His smile welcomes you at a distance. He almost immediately stretches his arm to offer a handshake. Neither so tall nor short, his stature portrays an energetic man with long dark hair that gives away his Asian origin.
His attire – a track suit and white branded shirt, at first sight, suggest a sportsman. He is very quick to introduce himself and he requests to know who he is talking to. “Hey bro (brother), I am Somen and you? I am here to share with your my world journey.”
Since May 27, 2004, Somen Debnath, a 30-year-old Indian from Basanti in West Bengal, has embarked on a tour around the world on a bicycle. He has so far traversed India, Asia, Europe and some larger part of Africa. He reached Uganda in March, making it his 85th country and Africa the fourth continent.
The tour is dubbed, “Around the world tour on a bicycle for HIV/Aids awareness programme and presentation on the Indian culture”. Debnath says he has dedicated his life to educating the people he encounters on his world trip about how to prevent Aids.
He says he embarked on his life journey after staying with people living with the HIV/Aids virus and also witnessing the segregation accorded to them in the community. The journey started few days after he had acquired a bachelor’s degree in Zoology from the University of Calcutta, India.
In every country he rides through, Debnath talks to people in the health sector, politicians, and institutions of learning. He carries souvenirs of his travels in form of pictures of him at different landmarks in the places he has stopped by.
While in Kampala, he spent the night at Sematan Dharma Mandel Temple (S.D.M) near Nakasero Market, where he had been offered accommodation by Chetan Upanhya, a priest at the temple.
The charity traveller began his bicycle voyage with only US$17 (about Shs50,000), but along the way, he gets support from well-wishers like the Asian Community in Uganda and World vision.
A hands-on person, Debnath carries all he needs to prepare his meals on his bicycle.
“Life is so beautiful, that is why the world is my family. Only one message can change this world, prevention is better than cure. If we individually change and protect ourselves, then we can save this world,” he states.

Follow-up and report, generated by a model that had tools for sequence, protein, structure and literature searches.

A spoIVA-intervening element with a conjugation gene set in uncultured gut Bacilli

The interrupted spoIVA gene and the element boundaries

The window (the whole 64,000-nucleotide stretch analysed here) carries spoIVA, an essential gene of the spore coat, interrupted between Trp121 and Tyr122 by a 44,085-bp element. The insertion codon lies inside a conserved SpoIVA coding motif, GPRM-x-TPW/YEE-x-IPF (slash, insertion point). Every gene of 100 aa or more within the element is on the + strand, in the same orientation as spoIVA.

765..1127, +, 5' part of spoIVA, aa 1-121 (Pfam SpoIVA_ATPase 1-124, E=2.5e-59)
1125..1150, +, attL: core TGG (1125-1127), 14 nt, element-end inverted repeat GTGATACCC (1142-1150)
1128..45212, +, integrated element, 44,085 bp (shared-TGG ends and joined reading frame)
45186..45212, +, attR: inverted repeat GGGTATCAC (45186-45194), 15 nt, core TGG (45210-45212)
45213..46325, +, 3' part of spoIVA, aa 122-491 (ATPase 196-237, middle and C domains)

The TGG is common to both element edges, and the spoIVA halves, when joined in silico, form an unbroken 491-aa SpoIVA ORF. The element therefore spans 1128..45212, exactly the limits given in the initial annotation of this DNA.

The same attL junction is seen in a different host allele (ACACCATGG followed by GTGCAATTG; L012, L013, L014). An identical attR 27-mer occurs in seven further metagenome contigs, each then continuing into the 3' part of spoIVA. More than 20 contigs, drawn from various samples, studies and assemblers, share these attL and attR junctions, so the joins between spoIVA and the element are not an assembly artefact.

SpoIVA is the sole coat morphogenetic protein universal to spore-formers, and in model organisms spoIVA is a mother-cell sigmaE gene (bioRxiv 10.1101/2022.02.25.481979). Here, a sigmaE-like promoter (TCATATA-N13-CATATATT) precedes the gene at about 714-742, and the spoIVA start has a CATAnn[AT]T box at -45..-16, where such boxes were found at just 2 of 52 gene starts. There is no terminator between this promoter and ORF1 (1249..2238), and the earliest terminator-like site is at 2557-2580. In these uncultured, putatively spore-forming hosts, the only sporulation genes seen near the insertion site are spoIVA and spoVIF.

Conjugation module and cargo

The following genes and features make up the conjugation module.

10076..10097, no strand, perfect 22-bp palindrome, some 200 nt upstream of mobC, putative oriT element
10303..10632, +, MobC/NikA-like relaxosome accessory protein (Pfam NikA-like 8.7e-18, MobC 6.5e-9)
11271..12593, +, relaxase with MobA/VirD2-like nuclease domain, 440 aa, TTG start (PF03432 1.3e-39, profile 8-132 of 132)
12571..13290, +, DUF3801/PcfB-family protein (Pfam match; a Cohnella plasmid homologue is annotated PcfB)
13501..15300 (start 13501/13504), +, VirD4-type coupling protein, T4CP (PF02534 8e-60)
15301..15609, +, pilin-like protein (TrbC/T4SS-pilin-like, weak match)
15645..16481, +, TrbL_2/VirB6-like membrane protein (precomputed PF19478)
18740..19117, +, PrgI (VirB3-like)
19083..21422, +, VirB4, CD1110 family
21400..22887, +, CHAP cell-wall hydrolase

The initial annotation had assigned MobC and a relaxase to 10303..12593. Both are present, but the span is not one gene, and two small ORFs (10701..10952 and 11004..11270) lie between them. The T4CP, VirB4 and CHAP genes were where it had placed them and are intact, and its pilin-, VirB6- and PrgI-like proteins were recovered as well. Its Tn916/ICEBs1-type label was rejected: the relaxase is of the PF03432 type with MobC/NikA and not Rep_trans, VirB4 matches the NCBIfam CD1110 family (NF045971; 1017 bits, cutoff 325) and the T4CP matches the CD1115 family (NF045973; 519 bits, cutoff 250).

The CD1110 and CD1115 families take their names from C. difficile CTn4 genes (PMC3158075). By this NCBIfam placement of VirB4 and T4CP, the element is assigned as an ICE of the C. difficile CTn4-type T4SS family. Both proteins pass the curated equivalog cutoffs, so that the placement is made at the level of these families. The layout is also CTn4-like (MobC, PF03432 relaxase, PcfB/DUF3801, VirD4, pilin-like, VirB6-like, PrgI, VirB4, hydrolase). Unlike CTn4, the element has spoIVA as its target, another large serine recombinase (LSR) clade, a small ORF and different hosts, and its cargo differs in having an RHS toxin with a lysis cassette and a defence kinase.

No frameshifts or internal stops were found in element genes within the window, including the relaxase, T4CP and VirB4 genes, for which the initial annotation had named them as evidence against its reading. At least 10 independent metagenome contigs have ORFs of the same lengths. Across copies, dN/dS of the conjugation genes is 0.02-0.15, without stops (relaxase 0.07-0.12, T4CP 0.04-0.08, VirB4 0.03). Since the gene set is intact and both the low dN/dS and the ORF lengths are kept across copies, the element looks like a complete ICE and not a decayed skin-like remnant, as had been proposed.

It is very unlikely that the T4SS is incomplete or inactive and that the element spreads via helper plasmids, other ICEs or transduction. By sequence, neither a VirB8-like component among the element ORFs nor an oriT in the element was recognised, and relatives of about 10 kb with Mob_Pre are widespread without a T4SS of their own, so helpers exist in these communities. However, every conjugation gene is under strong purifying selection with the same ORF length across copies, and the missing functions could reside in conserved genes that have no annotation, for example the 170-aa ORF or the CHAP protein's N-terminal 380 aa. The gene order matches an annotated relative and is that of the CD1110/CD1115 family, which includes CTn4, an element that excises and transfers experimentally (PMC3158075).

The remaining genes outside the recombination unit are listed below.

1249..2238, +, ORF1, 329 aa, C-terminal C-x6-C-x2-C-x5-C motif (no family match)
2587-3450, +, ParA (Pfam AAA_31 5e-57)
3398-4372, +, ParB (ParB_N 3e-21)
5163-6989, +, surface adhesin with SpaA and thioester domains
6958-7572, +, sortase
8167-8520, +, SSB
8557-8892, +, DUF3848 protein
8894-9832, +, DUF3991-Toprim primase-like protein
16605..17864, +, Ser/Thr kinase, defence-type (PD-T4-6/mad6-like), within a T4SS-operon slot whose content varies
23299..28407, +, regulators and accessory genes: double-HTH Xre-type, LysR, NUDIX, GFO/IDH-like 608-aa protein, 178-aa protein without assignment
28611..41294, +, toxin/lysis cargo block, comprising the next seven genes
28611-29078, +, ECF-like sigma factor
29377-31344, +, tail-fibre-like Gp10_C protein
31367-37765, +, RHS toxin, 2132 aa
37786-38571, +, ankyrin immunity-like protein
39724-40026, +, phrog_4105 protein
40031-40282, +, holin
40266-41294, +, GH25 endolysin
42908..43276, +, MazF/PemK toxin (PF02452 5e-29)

He entered Uganda through Malaba, a border point connecting Uganda to Kenya. He stayed one night in Kampala and continued his journey through the source of River Nile. “People accorded me a warm welcome and also showed me other kind gestures.
I cycled with some of them as we talked and that really surprised me. I will continue to Rwanda, Burundi and Tanzania, then to all African countries and Senegal will be my last country in Africa, from where I will head to South America. I have one message to the people of Uganda; your kindness is the best key to improving the country.” Debnath says.
Debnath’s dream is to build an ecological village on four hectares of land by 2025 in India. The village will have a food farm with the capacity to feed 20 million people.
A visit to Kololo high school
While in Uganda, Debnath visited Kololo High School. On his way to the school, he stopped at a shop where he bought a Uganda flag. He says he identifies himself with the people in every country by decorating his bicycle with the country’s flag.
At school, Debnath first introduced himself to the headteacher, Hajjati Aminah Mukasa Buyinza. He explained to her what his cause was and about his world tour before allowing him to proceed to Form Four G.
Debnath shared with the 600 students his Hiv/Aids message, talking about how the HIV virus spreads from one person to another and how to prevent its spread. The students were very inquisitive about his trip.
He showed them two photo albums, which contain all photos he has taken in every city he has passed through with the people he has interacted with.
Advise to students
He advised the students not to keep silent instances of rape and defilement.
“When you are raped or defiled, you should report to your parents, guardians and caretakers because something can be done like finding out whether the defiler was an HIV positive patient. This can help a doctor advise on the next step to save you from the deadly disease.” At the end of his presentation, students shared what they had learnt.
“I have learnt that if you are raped, you can be cured when you report in time,” said Agnes Atuhaire .
The most outstanding observation was from Angela Nassali, who said she had realised that travelling around the world is not as expensive and she could often travel to her dream destinations.
His adventure is not devoid of challenges. “I was captured by the Taliban for 24 days in Afghanistan. They stubbed, beat, and later released me after I had cooked food for them. I was robbed six times in central Asia and my bikes stolen in Belgium and Poland.
While in North East of India, Debnath slept for days in a jungle. “People told me that I should not stay on the ground. I climbed trees where I slept to avoid animals feasting on me. They were full moon nights and I could hear some animal sounds. One time, when I looked down, I saw four leopards playing with my bicycle and I was very scared. I just prayed to God and when morning fell, all the leopards had gone. I climbed down and continued with my journey.
The Tour time line
2004-2006: Toured all 24 Indian States.
2006-2009: Toured 24 countries in Asia.
2009-2012: Toured 42 countries in Europe.
2012-2015: Touring Africa and Middle-East.
2015-2017: Tour South Pole, Atlantic, South and North America.
2018: Tour Canada, Alaska, Russia, Mongolia and China.
2019: Tour Japan, Korea, Philippines, New Zealand, Australia, Sumatra, Malaysia, Indonesia, Myanmar and Bangladesh.
2020: Tour Completion.